Publisher: Atria

Review Posted Online: May 1, 2018

Kirkus Reviews Issue: May 15, 2018

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The emotions run high, the conversations run deep, and the relationships ebb and flow with grace.


When tragedy strikes, a mother and daughter forge a new life.

Morgan felt obligated to marry her high school sweetheart, Chris, when she got pregnant with their daughter, Clara. But she secretly got along much better with Chris’ thoughtful best friend, Jonah, who was dating her sister, Jenny. Now her life as a stay-at-home parent has left her feeling empty but not ungrateful for what she has. Jonah and Jenny eventually broke up, but years later they had a one-night stand and Jenny got pregnant with their son, Elijah. Now Jonah is back in town, engaged to Jenny, and working at the local high school as Clara’s teacher. Clara dreams of being an actress and has a crush on Miller, who plans to go to film school, but her father doesn't approve. It doesn’t help that Miller already has a jealous girlfriend who stalks him via text from college. But Clara and Morgan’s home life changes radically when Chris and Jenny are killed in an accident, revealing long-buried secrets and forcing Morgan to reevaluate the life she chose when early motherhood forced her hand. Feeling betrayed by the adults in her life, Clara marches forward, acting both responsible and rebellious as she navigates her teenage years without her father and her aunt, while Jonah and Morgan's relationship evolves in the wake of the accident. Front-loaded with drama, the story leaves plenty of room for the mother and daughter to unpack their feelings and decide what’s next.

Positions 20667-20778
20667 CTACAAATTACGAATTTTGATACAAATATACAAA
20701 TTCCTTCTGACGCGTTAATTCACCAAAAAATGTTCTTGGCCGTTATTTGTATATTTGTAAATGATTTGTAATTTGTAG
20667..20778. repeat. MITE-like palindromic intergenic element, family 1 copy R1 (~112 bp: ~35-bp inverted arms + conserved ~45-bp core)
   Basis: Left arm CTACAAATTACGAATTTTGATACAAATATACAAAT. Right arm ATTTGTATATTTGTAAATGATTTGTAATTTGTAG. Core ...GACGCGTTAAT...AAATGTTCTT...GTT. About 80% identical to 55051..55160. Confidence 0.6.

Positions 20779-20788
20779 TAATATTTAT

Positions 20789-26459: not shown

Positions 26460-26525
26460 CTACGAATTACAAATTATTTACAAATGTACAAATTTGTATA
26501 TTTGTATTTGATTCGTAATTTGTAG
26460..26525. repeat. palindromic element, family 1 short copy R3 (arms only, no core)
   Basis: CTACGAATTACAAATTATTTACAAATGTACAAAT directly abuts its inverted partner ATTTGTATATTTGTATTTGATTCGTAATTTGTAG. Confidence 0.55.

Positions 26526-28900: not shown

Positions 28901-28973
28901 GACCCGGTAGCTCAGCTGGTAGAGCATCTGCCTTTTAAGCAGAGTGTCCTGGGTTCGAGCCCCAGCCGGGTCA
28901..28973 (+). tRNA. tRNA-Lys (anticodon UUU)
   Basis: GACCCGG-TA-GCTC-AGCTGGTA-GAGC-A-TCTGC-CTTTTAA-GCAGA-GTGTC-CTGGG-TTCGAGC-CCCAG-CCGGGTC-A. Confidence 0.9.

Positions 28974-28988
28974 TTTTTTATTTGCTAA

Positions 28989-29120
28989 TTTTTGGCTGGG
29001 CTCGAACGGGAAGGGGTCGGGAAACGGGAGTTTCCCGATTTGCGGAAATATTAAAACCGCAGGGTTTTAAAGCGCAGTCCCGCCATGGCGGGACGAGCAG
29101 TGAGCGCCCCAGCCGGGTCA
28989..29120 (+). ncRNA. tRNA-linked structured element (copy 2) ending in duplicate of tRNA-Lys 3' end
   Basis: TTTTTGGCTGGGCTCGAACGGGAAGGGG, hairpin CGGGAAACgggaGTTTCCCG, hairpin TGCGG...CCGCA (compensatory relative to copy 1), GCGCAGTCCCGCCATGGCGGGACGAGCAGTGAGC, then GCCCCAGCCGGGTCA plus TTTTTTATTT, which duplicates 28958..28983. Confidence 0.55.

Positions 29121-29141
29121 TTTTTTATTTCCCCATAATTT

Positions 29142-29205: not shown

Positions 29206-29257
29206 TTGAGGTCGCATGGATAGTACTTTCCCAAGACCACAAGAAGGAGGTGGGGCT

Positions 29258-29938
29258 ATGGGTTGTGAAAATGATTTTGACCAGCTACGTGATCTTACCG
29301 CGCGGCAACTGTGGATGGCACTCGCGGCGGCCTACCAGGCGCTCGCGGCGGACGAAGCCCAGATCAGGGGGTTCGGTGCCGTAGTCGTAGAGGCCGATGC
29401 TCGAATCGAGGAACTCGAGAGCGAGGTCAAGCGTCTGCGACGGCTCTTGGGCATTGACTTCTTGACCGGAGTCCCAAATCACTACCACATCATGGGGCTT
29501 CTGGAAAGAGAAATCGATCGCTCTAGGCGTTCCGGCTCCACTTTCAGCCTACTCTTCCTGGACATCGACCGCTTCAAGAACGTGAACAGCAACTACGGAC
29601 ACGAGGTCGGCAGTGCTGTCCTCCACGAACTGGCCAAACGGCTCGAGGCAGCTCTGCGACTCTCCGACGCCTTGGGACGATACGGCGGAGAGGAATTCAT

The emotions run high, the conversations run deep, and the relationships ebb and flow with grace.

Pub Date: Dec. 10, 2019

ISBN: 978-1-5420-1642-1

Page Count: 400

Publisher: Montlake Romance

Review Posted Online: Oct. 14, 2019

Kirkus Reviews Issue: Nov. 1, 2019